1. #1
    Dear fellows,


    I recently started studying some different chords, trying to go a bit beyond the power chords and the pentatonic scale.


    Usually, I do listen to people complaining about pain in the picking hand or the fingers of the fretboard hand due to significant stretches.
    It isn’t my case, at least not yet.

    However, I do feel strong pain in my fretboard hand’s thumb.

    I am attaching a picture of how I have my thumb in the neck most of the time while playing.


    Do you guys have some advice?


    Thanks in advance for your help.


    Cheers,
    Ivo
    Thumb pain while playing chords-img_3622-jpg

  2.  

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  3. #2

    User Info Menu

    1) 2) You might want to check out the way classical guitarists position their fretting hands. Guitar neck at 45 degrees from horizontal, thumb behind the neck, thumb tip bearing the force and supplying the pivot point behind the neck. There are variations on this, but this is the basic default position. Best of luck!

  4. #3

    User Info Menu

    There is a type of tendinitis guitarists are prone to related to chording. Bear with me.

    Hold your hands in front of you like you are carrying a large box and your fingers are pointing straight forward and your palms face the ceiling. That should be very comfortable. Now keep your arms in that same position but flex your wrist maximally so your thumb and finger point to the ceiling and your palms face your body. That can bring out the pain of tendinitis at the base of your thumb.

    The combination of flexing your wrist like that and opening up the distance between your thumb and index finger does stress that tendon. The worst position for those with this tendinitis is to keep your thumb centered on the back of the neck, to have the neck low, like in front of your heart instead of your throat, and to have a thick neck on your guitar.

    So what to do if you are so afflicted? Change your positioning to be more like a classic player, not a rock star. Center your thumb higher on the back of the neck. Use an instrument with a thinner neck. Wrap your thumb over the neck when you can.

    This is a tough problem.

    Thumb pain while playing chords-2441110045_792c67c077_b-jpgThumb pain while playing chords-christopher-jpg

  5. #4
    Quote Originally Posted by citizenk74
    1) 2) You might want to check out the way classical guitarists position their fretting hands. Guitar neck at 45 degrees from horizontal, thumb behind the neck, thumb tip bearing the force and supplying the pivot point behind the neck. There are variations on this, but this is the basic default position. Best of luck!

    Thank you citizenk74,

    I'll try to make some adjustments.

    Cheers,
    Ivo

  6. #5
    Quote Originally Posted by Marty Grass
    There is a type of tendinitis guitarists are prone to related to chording. Bear with me.

    Hold your hands in front of you like you are carrying a large box and your fingers are pointing straight forward and your palms face the ceiling. That should be very comfortable. Now keep your arms in that same position but flex your wrist maximally so your thumb and finger point to the ceiling and your palms face your body. That can bring out the pain of tendinitis at the base of your thumb.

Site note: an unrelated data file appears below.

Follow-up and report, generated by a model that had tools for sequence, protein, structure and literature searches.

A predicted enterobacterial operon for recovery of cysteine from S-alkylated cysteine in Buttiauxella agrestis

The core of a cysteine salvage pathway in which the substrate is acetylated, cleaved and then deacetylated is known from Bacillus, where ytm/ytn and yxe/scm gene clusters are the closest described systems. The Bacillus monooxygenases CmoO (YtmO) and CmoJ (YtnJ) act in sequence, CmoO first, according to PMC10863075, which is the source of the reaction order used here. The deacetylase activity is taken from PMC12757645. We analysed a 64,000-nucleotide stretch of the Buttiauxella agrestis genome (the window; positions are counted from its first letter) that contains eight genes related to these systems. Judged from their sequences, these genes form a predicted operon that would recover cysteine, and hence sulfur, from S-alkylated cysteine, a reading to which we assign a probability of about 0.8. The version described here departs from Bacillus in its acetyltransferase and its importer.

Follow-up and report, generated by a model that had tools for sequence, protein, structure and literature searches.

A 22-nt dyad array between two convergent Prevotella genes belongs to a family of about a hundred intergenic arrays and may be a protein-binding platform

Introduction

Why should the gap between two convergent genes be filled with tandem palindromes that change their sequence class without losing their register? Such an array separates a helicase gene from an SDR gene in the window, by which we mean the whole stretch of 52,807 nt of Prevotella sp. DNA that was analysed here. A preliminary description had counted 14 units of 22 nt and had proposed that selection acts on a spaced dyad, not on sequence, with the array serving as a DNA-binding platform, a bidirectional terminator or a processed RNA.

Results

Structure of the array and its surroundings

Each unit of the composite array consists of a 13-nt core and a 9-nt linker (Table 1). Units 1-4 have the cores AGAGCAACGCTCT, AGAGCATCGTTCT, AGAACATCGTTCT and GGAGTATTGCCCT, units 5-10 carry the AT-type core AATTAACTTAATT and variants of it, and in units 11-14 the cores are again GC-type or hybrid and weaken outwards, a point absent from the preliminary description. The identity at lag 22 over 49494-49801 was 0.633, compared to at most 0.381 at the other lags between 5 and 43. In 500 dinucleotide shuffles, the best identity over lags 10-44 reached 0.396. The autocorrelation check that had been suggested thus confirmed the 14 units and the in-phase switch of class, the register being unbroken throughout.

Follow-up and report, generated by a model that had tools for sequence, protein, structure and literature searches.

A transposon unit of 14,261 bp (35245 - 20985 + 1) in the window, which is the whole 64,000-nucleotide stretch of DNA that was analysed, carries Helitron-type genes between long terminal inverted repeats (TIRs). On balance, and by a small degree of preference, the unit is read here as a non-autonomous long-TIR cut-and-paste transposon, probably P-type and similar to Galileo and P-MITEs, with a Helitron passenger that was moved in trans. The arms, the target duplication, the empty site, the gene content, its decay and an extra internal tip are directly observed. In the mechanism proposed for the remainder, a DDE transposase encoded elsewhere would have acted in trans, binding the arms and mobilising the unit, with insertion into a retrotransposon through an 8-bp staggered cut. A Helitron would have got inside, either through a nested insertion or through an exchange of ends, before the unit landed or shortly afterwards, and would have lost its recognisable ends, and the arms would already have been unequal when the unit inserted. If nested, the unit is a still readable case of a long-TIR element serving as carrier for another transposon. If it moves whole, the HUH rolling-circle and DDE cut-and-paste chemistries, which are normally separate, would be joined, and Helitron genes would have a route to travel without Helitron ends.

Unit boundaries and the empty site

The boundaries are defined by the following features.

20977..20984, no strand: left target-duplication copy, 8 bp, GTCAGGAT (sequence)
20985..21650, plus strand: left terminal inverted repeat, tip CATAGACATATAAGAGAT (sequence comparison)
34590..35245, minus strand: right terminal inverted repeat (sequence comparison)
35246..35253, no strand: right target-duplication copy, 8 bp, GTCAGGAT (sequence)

The combination of flexing your wrist like that and opening up the distance between your thumb and index finger does stress that tendon. The worst position for those with this tendinitis is to keep your thumb centered on the back of the neck, to have the neck low, like in front of your heart instead of your throat, and to have a thick neck on your guitar.

    Thank you Marty Grass,

    I did the test and indeed I do feel the pain.
    I already adjust my guitar strap, although I never had my guitar like Jimmy Page. I don't know how he can play like that :-)

    I'll also try to find a hand doctor or a physiotherapist.


    Cheers,
    Ivo

  7. #6

    User Info Menu

    It looks like you have thick strong hands, but also maybe somewhat short fingers (maybe?)

    It also looks like your guitar neck is right over your thigh.

    I also wonder if you are playing new and unfamiliar chords that are causing you to grip hard?

    I also wonder if your scale length might be a bit long for your hands - given the chords you are trying to play now?

    So,
    Angle the neck up,
    Don't grip too hard,
    Assess the guitar scale length relative to your hand length - do you need a shorter scale?,
    Be mindful of the chords and their required stretches and contortions - and be patient. Give yourself time to work them up - AND - discard any grips that really disagree with your hand. The jazz guitar police have no jurisdiction to arrest you.

  8. #7
    Hi Jazzstdnt,

    Your description of my hands is perfect. :-)
    Indeed I don't see myself as some with long fingers.
    Usually, I do feel a bit more comfortable with 25" (PRS) scale than with 25.5" (Fender).
    However, I think that 25.5" sounds a bit better for my years.

    Nevertheless, I am following your advice, I did put the guitar a bit up and angle the neck more.

    Thank you very much for your help.

    Cheers,
    Ivo